To help determine the strength and/or duration of electrical stimulation and/or the amount and/or type(s) of stimulating drug(s) required to produce the desired effect, in some embodiments, a patient's response to and/or need for treatment is sensed. For example, changes in penile arteriole pressure produced in response to stimulation may be sensed. Other measures of the state of the patient may additionally or alternatively be sensed, e.g., pressure in corpus cavernosum, pressure in corpus spongiosum, joint angle, tumescence, muscle activity (e.g., EMG), nerve activity (e.g., ENG, cavernous nerve firing rate), electrical activity of the brain (e.g., EEG), neurotransmitter levels and/or their associated breakdown product levels, hormone levels, interleukin levels, or other substances, such as ketone, electrolyte, enzyme, and/or medication levels, and/or changes in these or other substances in the blood plasma or local interstitial fluid, may be sensed. Substances may be sensed, for instance, using one or more Chemically Sensitive Field-Effect Transistors (CHEMFETs) such as Enzyme-Selective Field-Effect Transistors (ENFETs) or Ion-Sensitive Field-Effect Transistors (ISFETs, as are available from Sentron CMT of Enschede, The Netherlands).
For example, when electrodes and/or catheters of SCU 160 are implanted adjacent to greater cavernous nerve 108, signals from a pressure sensor built into SCU 160 may be recorded. (As used herein, “adjacent” and “near” mean as close as reasonably possible to targeted tissue, including touching, being attached to, or even being positioned within the tissue, but in general, may be as far as about 150 mm from the target tissue. In addition, as used herein, “tissue affecting the penis” includes tissue of the penis itself.)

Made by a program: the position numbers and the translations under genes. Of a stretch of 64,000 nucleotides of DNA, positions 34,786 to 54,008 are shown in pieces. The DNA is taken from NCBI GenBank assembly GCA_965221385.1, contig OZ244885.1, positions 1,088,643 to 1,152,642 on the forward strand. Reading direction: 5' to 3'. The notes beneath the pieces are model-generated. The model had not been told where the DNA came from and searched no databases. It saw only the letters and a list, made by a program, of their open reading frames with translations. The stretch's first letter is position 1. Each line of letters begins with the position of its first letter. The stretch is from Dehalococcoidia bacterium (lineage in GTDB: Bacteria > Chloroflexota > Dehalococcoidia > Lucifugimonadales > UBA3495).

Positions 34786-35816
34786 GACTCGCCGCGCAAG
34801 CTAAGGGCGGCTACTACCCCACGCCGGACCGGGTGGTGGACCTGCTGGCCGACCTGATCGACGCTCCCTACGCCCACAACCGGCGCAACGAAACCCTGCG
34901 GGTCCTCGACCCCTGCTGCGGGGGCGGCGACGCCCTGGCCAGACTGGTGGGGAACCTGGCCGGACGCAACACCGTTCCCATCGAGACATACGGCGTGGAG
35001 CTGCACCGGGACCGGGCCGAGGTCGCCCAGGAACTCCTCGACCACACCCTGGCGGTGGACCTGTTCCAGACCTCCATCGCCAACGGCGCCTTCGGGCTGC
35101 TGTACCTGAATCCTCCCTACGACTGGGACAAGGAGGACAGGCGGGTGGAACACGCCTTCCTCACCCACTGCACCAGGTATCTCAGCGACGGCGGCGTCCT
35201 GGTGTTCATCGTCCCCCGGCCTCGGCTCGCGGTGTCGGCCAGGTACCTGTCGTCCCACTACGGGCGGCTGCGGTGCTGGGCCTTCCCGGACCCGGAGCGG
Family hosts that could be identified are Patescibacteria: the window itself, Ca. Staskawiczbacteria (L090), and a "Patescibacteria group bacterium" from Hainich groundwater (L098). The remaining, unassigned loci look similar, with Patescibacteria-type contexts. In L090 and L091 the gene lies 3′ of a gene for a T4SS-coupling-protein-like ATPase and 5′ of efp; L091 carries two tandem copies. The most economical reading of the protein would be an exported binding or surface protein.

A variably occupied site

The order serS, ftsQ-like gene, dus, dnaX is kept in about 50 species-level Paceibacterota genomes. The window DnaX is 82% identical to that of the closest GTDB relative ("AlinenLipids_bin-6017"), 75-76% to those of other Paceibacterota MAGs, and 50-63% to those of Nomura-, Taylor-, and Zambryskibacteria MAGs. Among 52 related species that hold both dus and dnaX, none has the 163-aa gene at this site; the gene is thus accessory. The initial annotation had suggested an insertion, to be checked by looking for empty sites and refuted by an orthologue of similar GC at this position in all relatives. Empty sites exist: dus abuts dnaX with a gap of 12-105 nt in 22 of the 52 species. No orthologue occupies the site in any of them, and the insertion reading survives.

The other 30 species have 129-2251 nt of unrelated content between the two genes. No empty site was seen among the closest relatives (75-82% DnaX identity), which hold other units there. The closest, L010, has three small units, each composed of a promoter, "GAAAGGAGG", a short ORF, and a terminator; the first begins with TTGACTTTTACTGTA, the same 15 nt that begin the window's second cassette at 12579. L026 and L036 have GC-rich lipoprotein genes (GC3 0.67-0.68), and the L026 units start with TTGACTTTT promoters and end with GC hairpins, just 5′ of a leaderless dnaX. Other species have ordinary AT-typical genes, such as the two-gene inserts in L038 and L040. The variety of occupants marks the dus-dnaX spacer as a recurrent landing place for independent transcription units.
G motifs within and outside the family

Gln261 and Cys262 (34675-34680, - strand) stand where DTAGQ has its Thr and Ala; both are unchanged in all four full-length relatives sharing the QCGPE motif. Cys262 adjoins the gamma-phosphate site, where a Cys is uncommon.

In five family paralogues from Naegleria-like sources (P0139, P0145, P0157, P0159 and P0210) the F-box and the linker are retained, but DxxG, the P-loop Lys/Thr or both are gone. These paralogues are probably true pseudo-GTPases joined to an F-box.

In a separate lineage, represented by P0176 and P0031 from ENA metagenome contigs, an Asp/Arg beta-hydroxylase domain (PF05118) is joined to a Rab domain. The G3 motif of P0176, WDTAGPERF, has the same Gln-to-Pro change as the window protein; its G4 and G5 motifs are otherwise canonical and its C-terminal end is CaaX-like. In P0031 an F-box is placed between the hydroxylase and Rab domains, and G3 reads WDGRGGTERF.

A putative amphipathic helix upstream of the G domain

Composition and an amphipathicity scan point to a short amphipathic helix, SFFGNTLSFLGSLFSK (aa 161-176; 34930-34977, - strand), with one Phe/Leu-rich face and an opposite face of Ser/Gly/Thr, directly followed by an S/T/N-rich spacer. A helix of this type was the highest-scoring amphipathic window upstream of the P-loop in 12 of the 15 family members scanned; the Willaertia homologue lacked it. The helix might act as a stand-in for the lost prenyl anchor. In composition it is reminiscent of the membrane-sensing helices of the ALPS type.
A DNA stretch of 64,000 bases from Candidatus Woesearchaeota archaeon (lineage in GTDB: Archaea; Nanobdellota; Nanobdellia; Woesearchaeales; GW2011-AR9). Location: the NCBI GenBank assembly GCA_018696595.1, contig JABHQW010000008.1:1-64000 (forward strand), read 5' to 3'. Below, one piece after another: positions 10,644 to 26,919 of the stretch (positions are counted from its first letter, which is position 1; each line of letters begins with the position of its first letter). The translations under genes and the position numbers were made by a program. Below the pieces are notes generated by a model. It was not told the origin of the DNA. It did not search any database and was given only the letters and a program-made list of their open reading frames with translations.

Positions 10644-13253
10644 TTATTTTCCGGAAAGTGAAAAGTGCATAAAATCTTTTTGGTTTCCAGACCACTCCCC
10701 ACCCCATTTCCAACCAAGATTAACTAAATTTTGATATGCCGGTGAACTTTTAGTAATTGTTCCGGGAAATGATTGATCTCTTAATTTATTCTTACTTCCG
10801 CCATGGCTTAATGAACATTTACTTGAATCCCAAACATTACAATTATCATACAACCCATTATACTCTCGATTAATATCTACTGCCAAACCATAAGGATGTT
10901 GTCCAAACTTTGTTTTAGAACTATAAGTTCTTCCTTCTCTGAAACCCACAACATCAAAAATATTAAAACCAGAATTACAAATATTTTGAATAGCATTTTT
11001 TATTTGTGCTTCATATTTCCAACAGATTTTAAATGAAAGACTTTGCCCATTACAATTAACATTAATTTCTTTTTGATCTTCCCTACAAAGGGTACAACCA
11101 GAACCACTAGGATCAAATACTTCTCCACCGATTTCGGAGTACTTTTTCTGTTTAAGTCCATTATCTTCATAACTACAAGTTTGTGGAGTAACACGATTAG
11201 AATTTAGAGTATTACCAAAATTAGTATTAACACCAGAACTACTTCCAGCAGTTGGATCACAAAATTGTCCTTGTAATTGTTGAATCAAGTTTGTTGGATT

Alternatively, an “SCU” dedicated to sensory processes communicates with an SCU that provides the stimulation pulses. The implant circuitry 154 may, if necessary, amplify and transmit these sensed signals, which may be digital or analog. Other methods of determining the required electrical and/or drug stimulation include observing the stimulation required to initiate and maintain erection, as well as other methods mentioned herein, and others that will be evident to those of skill in the art upon review of the present disclosure. The sensed information may be used to control stimulation parameters in a closed-loop manner.
For instance, in several embodiments of the present invention, a first and second “SCU” are provided. The second “SCU” periodically (e.g., once per minute) records a level of muscle activity (or neural activity, etc.), which it transmits to the first SCU. The first SCU uses the sensed information to adjust electrical and/or drug stimulation parameters according to an algorithm programmed, e.g., by a physician. For example, the amplitude of electrical stimulation may be increased in response to decreased penile arteriole pressure. In some alternatives, one SCU performs both the sensing and stimulating functions, as discussed in more detail presently.